The new initiative, warned the Apartment Association of Greater Los Angeles, “would dismantle Costa-Hawkins and would allow local jurisdictions to have complete control over regulating rental housing, including control over rental pricing upon a vacancy for all types of rental housing, including single family homes, condominiums and new construction. If this ballot initiative were to pass in 2024, all types of residential rental properties could be subjected to local rent control ordinances, and local governments could control rental rates for vacant units. Prior to the passage of Costa-Hawkins, cities like Santa Monica had ‘vacancy control’ in place and controlled the amount rent housing providers could charge upon a vacancy.”
The good news is rent control initiatives failed in 2018, with Proposition 10. And in 2020, with Proposition 21.
However, in 2019 Gov. Gavin Newsom signed into law Assembly Bill 1482. It limited rent increases to 5 percent a year, plus inflation, or a maximum of 10 percent. So far, the bill has not proved too onerous for landlords.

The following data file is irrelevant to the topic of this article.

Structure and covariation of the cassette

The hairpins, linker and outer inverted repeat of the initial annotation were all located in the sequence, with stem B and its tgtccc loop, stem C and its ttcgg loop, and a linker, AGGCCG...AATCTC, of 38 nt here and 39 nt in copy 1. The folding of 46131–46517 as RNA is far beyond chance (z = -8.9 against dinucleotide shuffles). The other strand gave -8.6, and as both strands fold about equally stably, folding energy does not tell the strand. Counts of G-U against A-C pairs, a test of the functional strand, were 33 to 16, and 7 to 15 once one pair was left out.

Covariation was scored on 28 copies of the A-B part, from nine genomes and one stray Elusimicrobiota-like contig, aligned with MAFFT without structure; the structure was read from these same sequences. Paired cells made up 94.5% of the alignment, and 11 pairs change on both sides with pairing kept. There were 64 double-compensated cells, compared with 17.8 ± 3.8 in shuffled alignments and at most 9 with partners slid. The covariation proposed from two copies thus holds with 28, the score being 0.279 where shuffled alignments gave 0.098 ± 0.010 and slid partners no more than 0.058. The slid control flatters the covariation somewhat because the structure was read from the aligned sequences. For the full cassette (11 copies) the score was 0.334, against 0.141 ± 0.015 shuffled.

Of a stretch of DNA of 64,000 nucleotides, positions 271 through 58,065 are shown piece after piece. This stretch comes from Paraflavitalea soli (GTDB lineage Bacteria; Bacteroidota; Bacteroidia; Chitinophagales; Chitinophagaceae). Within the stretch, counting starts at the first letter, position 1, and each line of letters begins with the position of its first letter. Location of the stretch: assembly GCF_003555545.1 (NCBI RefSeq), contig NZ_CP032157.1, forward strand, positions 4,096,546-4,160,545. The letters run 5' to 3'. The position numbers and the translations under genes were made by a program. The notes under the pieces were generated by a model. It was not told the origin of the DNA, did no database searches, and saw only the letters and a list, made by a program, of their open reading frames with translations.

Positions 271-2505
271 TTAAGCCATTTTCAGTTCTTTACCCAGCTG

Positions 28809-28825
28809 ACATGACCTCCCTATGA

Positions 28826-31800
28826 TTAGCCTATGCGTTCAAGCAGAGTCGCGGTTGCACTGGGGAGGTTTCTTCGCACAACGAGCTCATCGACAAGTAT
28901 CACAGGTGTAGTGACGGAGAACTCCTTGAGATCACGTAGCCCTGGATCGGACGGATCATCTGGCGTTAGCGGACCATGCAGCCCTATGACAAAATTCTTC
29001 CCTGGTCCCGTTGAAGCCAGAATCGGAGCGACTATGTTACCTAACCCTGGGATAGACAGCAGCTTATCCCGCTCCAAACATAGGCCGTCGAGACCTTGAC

A "For Rent" sign is seen on a building Hollywood, Calif., on May 11, 2016. (Robyn Beck/AFP/Getty Images)

A "For Rent" sign is seen on a building Hollywood, Calif., on May 11, 2016. (Robyn Beck/AFP/Getty Images)

Security Deposit Control

A second new attack on landlords’ property rights comes as Assembly Bill 12, by Assemblymember Matt Haney (D-San Francisco). In the bill’s language, it would “prohibit a landlord from demanding or receiving security for a rental agreement for residential property in an amount or value in excess of an amount equal to one month’s rent.”